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‘Buster’ the falcon found apparently unharmed after theft

Buster, a male American kestrel, was taken Friday,

Buster, a male American kestrel, was taken Friday, Dec. 23, 2016, from Volunteers for Wildlife animial sanctuary in Locust Valley and was returned Sunday, Dec. 25, 2016, sanctuary officials said. Credit: Volunteers for Wildlife

Buster, a federally protected falcon, was found apparently unharmed in a box at the door of his Locust Valley wildlife sanctuary Sunday night — hours after media reports went live about his “kidnap” from the facility, wildlife rehabilitators said.

The American kestrel had been taken Friday from the Volunteers for Wildlife, a hospital and educational center where the bird has lived since he was found screaming for food outside Central Park 14 years ago, sanctuary officials said.

Over the holiday weekend, sanctuary officials and volunteers spread the word of the loss on social media, and on Sunday, they checked out calls about possible sightings. They told reporters they would not press charges if Buster was returned unharmed to the sanctuary, located at Bailey Arboretum.

“It’s just devastating,” Jim Jones, a sanctuary board member had said in pleading for Buster’s return. “We saw his jess, the leather strap we use to hold him, was cut. We haven’t heard anything since.”

Then Sunday night, the falcon mysteriously reappeared and was found by a wildlife rehabilitator who went to the center to administer nighttime medications, said Lauren Schulz, a wildlife center supervisor and education coordinator.

“We found him left at the door in a box,” she said late Sunday night. “His jesses that he was wearing had been taken off him but were still in the box. He is hungry and thirsty but appears otherwise unharmed.”

Buster is an American kestrel who is imprinted on humans so he cannot hunt in the wild, and he may approach people in hopes of getting food, Jones had said. He is not aggressive, but sanctuary officials were worried about him because as a “very, very mature” bird, Buster needed to be fed his diet of dead mice stuffed with vitamins, he said.

With his striking black and orange markings, Buster has been on hundreds of school and other educational outings because he likes to hang out with people and goes easily into his carrier, Jones said.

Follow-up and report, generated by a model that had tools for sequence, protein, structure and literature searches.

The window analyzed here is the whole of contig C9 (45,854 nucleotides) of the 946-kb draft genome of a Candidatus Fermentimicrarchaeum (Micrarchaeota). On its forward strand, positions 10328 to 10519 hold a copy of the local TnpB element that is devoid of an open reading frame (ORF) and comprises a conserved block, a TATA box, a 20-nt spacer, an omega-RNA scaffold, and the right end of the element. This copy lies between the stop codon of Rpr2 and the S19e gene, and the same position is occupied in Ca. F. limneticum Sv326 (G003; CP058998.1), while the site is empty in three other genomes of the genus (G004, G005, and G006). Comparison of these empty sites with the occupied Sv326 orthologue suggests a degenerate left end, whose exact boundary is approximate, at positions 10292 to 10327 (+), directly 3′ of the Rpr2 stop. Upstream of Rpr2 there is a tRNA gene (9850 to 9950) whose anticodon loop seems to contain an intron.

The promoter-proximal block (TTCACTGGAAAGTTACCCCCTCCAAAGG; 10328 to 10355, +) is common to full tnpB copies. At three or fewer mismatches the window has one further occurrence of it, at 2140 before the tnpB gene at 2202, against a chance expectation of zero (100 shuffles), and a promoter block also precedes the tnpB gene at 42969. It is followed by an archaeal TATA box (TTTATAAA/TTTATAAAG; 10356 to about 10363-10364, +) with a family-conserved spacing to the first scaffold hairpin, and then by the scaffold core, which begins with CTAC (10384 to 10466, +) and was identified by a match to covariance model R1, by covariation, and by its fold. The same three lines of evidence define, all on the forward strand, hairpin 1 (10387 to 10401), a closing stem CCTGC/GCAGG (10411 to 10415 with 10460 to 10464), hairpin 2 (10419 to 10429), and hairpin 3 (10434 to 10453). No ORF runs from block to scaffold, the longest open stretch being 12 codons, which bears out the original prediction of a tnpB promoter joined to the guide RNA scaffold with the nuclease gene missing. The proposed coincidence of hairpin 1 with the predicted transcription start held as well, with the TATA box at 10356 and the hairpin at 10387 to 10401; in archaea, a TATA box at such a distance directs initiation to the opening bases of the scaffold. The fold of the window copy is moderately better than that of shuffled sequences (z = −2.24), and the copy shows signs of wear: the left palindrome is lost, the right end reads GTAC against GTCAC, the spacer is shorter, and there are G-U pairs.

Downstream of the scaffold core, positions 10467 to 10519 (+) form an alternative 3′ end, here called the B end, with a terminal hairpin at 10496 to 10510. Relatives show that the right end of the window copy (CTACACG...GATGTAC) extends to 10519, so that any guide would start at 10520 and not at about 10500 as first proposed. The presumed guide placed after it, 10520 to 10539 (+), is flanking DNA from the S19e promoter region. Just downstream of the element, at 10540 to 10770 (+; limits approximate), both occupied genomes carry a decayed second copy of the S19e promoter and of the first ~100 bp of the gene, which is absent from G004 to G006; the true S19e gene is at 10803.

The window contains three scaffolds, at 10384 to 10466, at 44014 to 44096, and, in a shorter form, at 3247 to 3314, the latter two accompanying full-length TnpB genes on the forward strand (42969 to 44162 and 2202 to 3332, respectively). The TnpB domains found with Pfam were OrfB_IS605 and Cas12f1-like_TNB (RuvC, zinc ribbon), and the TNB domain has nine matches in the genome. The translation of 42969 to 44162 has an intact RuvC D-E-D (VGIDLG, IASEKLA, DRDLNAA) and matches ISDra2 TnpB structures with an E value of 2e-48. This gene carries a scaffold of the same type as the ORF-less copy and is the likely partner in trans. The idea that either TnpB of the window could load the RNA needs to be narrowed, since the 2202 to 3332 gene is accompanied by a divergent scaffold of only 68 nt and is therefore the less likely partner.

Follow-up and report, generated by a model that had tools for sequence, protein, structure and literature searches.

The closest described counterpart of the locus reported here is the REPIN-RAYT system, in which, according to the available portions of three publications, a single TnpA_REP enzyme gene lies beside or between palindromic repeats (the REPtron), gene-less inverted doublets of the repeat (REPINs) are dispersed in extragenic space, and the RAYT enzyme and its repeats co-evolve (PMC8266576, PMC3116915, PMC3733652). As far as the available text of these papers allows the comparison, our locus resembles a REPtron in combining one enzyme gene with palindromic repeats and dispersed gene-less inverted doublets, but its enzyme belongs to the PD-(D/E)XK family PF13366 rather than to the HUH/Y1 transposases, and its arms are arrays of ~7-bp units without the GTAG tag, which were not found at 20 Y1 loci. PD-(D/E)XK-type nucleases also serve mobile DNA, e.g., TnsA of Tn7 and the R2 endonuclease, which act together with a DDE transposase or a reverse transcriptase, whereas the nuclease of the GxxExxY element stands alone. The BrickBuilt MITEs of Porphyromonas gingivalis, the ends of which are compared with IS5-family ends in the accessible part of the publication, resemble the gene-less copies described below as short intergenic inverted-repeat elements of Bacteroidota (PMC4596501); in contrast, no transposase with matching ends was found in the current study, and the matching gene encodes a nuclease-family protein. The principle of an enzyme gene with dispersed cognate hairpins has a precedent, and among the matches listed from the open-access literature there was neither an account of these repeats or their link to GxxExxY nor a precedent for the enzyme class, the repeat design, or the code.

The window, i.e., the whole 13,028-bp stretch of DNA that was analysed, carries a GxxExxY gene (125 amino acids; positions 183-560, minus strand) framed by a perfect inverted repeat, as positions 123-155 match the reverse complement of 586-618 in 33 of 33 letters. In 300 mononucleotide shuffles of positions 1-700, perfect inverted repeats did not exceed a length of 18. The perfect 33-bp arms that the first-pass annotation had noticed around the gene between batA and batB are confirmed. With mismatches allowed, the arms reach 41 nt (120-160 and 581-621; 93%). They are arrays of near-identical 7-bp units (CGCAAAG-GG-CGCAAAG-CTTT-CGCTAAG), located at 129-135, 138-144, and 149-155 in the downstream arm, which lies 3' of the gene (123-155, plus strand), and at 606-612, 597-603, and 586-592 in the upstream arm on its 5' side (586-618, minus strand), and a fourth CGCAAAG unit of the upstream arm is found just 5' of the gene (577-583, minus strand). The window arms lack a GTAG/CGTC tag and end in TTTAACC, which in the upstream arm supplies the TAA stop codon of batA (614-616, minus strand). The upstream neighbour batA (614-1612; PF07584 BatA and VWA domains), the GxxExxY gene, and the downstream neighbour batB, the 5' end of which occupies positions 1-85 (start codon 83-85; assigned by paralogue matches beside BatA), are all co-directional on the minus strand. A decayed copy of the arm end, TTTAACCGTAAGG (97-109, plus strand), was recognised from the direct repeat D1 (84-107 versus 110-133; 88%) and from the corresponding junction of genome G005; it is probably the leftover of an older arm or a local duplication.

Buster lives in a room by the volunteers’ entrance. At night, he’s in his cage, but during the day, he’s let out to roam on a 3-foot leg strap.

“He likes to sit by the window and watch people go by,” Jones said. “He’s a great ambassador for the species.”

Nassau police had taken a missing-bird report Friday.

Earlier Sunday, Jones said he and fellow sanctuary officials wondered whether whoever stole Buster may have been familiar with the facility’s operations. They believe what they describe as the “kidnapping” happened between 1:30 p.m. and 4 p.m.

“If you’re talking about who might have grabbed him,” Jones said, “they would have to know he was on his jess lead and that’s why they came in with something prepared to cut it.”

The first time Buster was snatched, he was probably just a baby in a nest in Central Park, the group’s officials said.

Someone tried to raise him in an apartment, but as the young falcon grew, he got vocal, liked to fly, ate and defecated a lot, Jones said.

The bird was let out into busy Manhattan, a kestrel who thought he was a human because that’s whom he saw early in life, the wildlife volunteer recounted.

“When he was released, he was walking up and down Central Park West screaming for food from people,” Jones said. A volunteer from the center rescued him.

According to Cornell University’s Lab of Ornithology, the American kestrel is North America’s smallest falcon, hunts in open territory and is in decline in parts of the country.

The wildlife center has no video cameras, Jones said, but the theft of Buster is going to change that. He said, “We just never thought this would happen.”

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